Absence of gratitude

Every day, historical events are celebrated at the same moment in time albeit in different places, but for personal reasons, the holiday remembrance of Errol Barrow and Martin Luther King and the inauguration of President Barack Obama turned out to be memorable, reflective and full of mixed emotions.

Errol Barrow is a national hero, the “father” of Independent Barbados, and a Prime Minister whose legacy is inscribed in almost every home, every school, every village, and every chapel. Indeed, it is impossible to peruse post-Independence period of our history and not see the finger prints of his genius.

Now it is not for me to tell Barbadians how to celebrate but as I witnessed coverage of the beginning of term two of the presidency of Barrack Obama I felt that we should certainly do more to record our history and celebrate ourselves. Errol Barrow Day is a case in point.

I cite a few examples which some may consider extreme.

The preservation of the plate which the President used at lunch, the attention and discussion given to the dresses of the first lady as they relate to fashion and designer impact, the replay of the moment when President Obama stopped and said “Let me look again. This is the last time I am going to see this!” and the deliberate similarity of the inaugural speech and that of Martin Luther Kings.

I therefore ask, at the end of Errol Barrow Day, how many were now better informed and understand that one of the founders of the DLP transformed a society by implementing two things most thought were impossible.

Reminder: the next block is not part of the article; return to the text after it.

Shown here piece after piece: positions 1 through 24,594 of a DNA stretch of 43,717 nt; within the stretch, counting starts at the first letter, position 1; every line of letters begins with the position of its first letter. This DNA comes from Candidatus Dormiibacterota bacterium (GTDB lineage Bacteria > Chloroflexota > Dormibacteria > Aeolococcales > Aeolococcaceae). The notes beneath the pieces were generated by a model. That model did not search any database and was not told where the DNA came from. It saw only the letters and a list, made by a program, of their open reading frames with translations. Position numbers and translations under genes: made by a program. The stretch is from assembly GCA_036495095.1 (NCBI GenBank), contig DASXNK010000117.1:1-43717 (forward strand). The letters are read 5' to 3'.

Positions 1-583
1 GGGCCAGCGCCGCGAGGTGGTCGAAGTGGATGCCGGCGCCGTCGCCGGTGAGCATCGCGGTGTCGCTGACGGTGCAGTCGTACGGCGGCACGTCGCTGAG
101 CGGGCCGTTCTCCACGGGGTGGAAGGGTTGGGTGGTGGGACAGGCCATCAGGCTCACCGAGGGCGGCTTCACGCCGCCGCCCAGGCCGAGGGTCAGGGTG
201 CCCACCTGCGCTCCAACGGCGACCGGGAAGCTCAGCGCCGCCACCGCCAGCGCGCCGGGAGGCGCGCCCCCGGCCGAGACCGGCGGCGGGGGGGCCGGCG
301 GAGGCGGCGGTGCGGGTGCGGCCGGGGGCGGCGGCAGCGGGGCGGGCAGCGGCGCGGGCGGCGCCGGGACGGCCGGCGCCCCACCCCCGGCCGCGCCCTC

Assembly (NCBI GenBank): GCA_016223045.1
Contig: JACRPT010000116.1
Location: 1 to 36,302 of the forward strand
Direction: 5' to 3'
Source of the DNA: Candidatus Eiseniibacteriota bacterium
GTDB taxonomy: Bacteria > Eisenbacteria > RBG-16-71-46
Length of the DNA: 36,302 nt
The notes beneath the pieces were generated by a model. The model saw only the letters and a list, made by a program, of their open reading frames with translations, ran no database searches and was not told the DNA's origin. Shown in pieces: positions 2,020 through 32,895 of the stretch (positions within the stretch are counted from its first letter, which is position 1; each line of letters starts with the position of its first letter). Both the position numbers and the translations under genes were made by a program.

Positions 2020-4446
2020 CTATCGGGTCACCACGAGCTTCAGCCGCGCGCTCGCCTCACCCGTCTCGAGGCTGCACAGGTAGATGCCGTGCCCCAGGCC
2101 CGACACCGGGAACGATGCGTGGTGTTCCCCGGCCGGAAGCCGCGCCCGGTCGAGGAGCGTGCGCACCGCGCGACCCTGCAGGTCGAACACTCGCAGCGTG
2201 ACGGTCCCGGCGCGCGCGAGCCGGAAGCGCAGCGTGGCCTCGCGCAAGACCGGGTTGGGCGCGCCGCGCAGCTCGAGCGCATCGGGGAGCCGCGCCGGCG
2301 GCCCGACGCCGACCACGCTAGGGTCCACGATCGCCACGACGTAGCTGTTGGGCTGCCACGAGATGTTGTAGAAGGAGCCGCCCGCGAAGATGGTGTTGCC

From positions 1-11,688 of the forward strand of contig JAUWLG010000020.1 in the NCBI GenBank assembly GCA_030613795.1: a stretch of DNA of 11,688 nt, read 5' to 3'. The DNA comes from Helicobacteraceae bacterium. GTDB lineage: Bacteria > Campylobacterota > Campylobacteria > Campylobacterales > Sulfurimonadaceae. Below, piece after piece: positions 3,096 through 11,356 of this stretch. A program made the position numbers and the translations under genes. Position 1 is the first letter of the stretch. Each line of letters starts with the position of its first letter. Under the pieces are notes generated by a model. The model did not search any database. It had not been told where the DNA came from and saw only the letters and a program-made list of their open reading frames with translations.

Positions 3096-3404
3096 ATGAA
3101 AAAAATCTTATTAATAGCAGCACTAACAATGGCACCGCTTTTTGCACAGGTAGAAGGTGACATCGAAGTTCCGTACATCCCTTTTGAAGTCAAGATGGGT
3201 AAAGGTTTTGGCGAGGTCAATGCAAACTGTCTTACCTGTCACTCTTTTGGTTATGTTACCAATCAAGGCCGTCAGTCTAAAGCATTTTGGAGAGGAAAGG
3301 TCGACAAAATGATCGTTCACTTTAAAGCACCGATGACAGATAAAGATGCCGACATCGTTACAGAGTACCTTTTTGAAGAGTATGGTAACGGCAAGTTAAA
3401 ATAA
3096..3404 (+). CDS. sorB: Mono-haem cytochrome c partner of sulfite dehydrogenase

I ask again: How many toured his home or the house in Crumpton Street? Do we know where his car is or his straw hat? Where are his diaries? Did a single parent sit the grandchildren down for a few moments and explained that finding schools fees and lunch in those days were as hard as nails?

As I watched and listened to the proposed agenda of President Obama, to the gradual acceptance and adjustment of Americans to a black president, to the expressed fact that America was the greatest place in the world because the transition of power was smooth and without civil war, and I felt proud to be Bajan, but concerned with the absence of gratitude — not as a silence but by the exhibits and artefacts we preserve. Then I wondered: How will we handle the transition to a different kind of person like Obama or a Prime Minister who is a white person?

Then with a happy heart I wrote this poem:

A Son Has Risen

Out of the vast vault of history,

out of the British waves which swept our rocks;

Out of the journey which changed names and broke spirits,

Out of ever changing sands of times that bash our shores,

A light was born, a son has risen,

A dawn, a start, for every day is a beginning,

All because the chattel house moved across the nation;

All because trash was mashed, and cane juice relieved starvation

All because the doors of schools are eternally open.

A light was born, a son has risen,

From the village to a castle — Ilaro;

from pot hole, and tot, to four wheel truck and Bentley.

A sun, hidden behind clouds of silence;

a sun shaped by stars of thought, and, sea shells of freedom.

A daughter, nurtured by independence, pride and industry,

A family challenged by the bars in parks, and terraces.

A light was born, a son has risen,

A dawn, a new start, for every day is a new beginning.

So why didn’t the clocks stop for a moment of silence? Why didn’t the children stand along the streets with flags and sing? Why didn’t our church bells ring?

Maybe it will happen next time.

Happy birthday Errol

Long live our sons and daughters.


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